When Eva Kor was 10 her family was forced from a small village in Romania, loaded onto a cattle car and taken to Auschwitz in 1944.
Around that same time, 23-year-old Helen Rappaport and her loved ones were kicked out of their home in Czechoslovakia, crammed into a similar train and transported to the Nazi death camp as well.
While completely different, Kor and Rappaport had one big similarity: They both were twins who, along with their twin, would be stripped from other family members and placed into a special category. They never saw most of those family members again.
In a packed gymnasium at (CJHS) in Deerfield on Sunday, the now elderly women chronicled their experiences at Auschwitz and detailed the horrific experiments they and their respective sisters, Miriam and Pearl, endured under the instructions of Dr. Josef Mengele.
“I made a silent pledge,” Kor said after she discovered three dead bodies in the outhouse when she arrived at the concentration camp, which was 37 miles west of Krakow, Poland. “Miriam and I would not end up on the latrine floor.”
According to the survivors, Mengele used them and thousands of other children as human guinea pigs for genetic experiments that usually ended with death.
Rappaport said she was strapped down while a nurse pricked one arm multiple times looking for a vein to take blood and then injected an unknown substance into her other arm.
“My arms were black from injections,” she said, recalling the same needles were used for everyone until they broke in the skin.
“Every part of my body was measured and compared to Miriam’s,” Kor said about having to undress for the measurements. “They would always take blood from the left arm and I would take at least five injections in my right.”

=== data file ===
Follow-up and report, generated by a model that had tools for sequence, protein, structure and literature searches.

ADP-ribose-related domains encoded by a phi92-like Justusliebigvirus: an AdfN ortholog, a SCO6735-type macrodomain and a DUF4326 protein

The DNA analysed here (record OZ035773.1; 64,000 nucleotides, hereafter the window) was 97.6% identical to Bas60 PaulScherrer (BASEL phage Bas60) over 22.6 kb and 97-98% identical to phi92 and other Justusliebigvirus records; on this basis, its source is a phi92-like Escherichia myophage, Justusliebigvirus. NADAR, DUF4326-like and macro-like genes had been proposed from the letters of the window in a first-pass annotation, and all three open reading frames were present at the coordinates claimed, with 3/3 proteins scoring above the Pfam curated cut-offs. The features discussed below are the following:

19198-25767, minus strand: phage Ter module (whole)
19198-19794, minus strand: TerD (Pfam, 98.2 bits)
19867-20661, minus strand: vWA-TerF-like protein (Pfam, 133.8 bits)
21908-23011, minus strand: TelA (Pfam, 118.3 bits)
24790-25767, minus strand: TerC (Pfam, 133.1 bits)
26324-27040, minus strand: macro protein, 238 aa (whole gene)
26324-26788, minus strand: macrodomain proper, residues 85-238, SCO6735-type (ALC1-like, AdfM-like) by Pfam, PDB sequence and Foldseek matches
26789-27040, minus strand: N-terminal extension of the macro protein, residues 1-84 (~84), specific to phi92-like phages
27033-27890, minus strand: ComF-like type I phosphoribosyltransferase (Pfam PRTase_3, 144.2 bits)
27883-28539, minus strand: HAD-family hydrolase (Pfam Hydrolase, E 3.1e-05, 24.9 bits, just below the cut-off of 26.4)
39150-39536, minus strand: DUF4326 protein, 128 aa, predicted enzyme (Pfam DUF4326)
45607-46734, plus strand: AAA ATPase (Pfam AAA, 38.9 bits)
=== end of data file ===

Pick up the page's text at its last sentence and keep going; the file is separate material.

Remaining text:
Those injections eventually landed Kor in the hospital. But the current Indiana resident said patients weren’t given any medicine, food or water, but instead left to die.
“I made a second silent pledge,” Kor said after a doctor at the camp gave her two weeks to live. “I would prove Dr. Mengele wrong.”
After five weeks, Kor was released and reunited with her sister who, she said, was locked in isolation during her hospital stay. That way, Kor explained, if she died the staff would be able to quickly kill her sister and start dissecting their bodies at the same time.
According to the Holocaust Survivors and Remembrance Project, Mengele was notorious for his barbaric experiments. The organization gives a horrific example of the German doctor sewing two children together to create Siamese twins. Its website states Mengele’s purpose “was to establish the genetic cause for the birth of twins in order to facilitate the formulation of a program for doubling the birthrate of the "Aryan race,” which was touted by the Nazis regime.
After months of experiments, Rappaport said she weighed 88 pounds and was forced to set off on a “death march.” She and thousands of other starving and weak prisoners walked dozens of miles in the snow while Nazi soldiers tried to escape capture by advancing Soviet forces. It’s estimated 15,000 died during those marches.
Rappaport said three months into the march she and her sister were liberated by U.S. soldiers in Austria.
Kor mentioned she and her twin sister were two of 8,200 that remained at Auschwitz during those marches. “I thought the whole world was a concentration camp,” she said about her distorted mindset at 10 years old until she sneaked to a nearby creek for a drink of water and spotted a schoolgirl.
Kor and her sister along with those who remained at Auschwitz were liberated on Jan. 27, 1945, by Soviet troops. “They gave us chocolate, cookies, and hugs,” Kor said.
Mengele, who was nicknamed the Angel of Death, managed to elude capture and ended up in South America, where he died in 1979 as a wartime fugitive.
Kor founded Children of Auschwitz Nazi Deadly Lab Experiments Survivors (CANDLES) 39 years later and reunited 122 sets of twins living around the world that survived Mengele's experiments.
“What I learned in Auschwitz is never ever give up,” she said. The four women eventually moved to America and started families of their own.
While their sisters are no longer alive, Kor and Rappaport travel to events like the one at CJHS to tell their stories. But Kor told the audience Sunday that she also had an ulterior motive.
“Prejudice against Jews was why [Adolf] Hitler gained power," she said "Prejudice is still with us today.”
Kor explained that was why 50 years after Auschwitz’s liberation she returned to the site with a Nazi doctor and announced her forgiveness.
“I believe prejudice is a poison of the soul,” she said. “I have forgiven the Nazis. I have forgiven everybody…I feel like I’ve healed my soul.”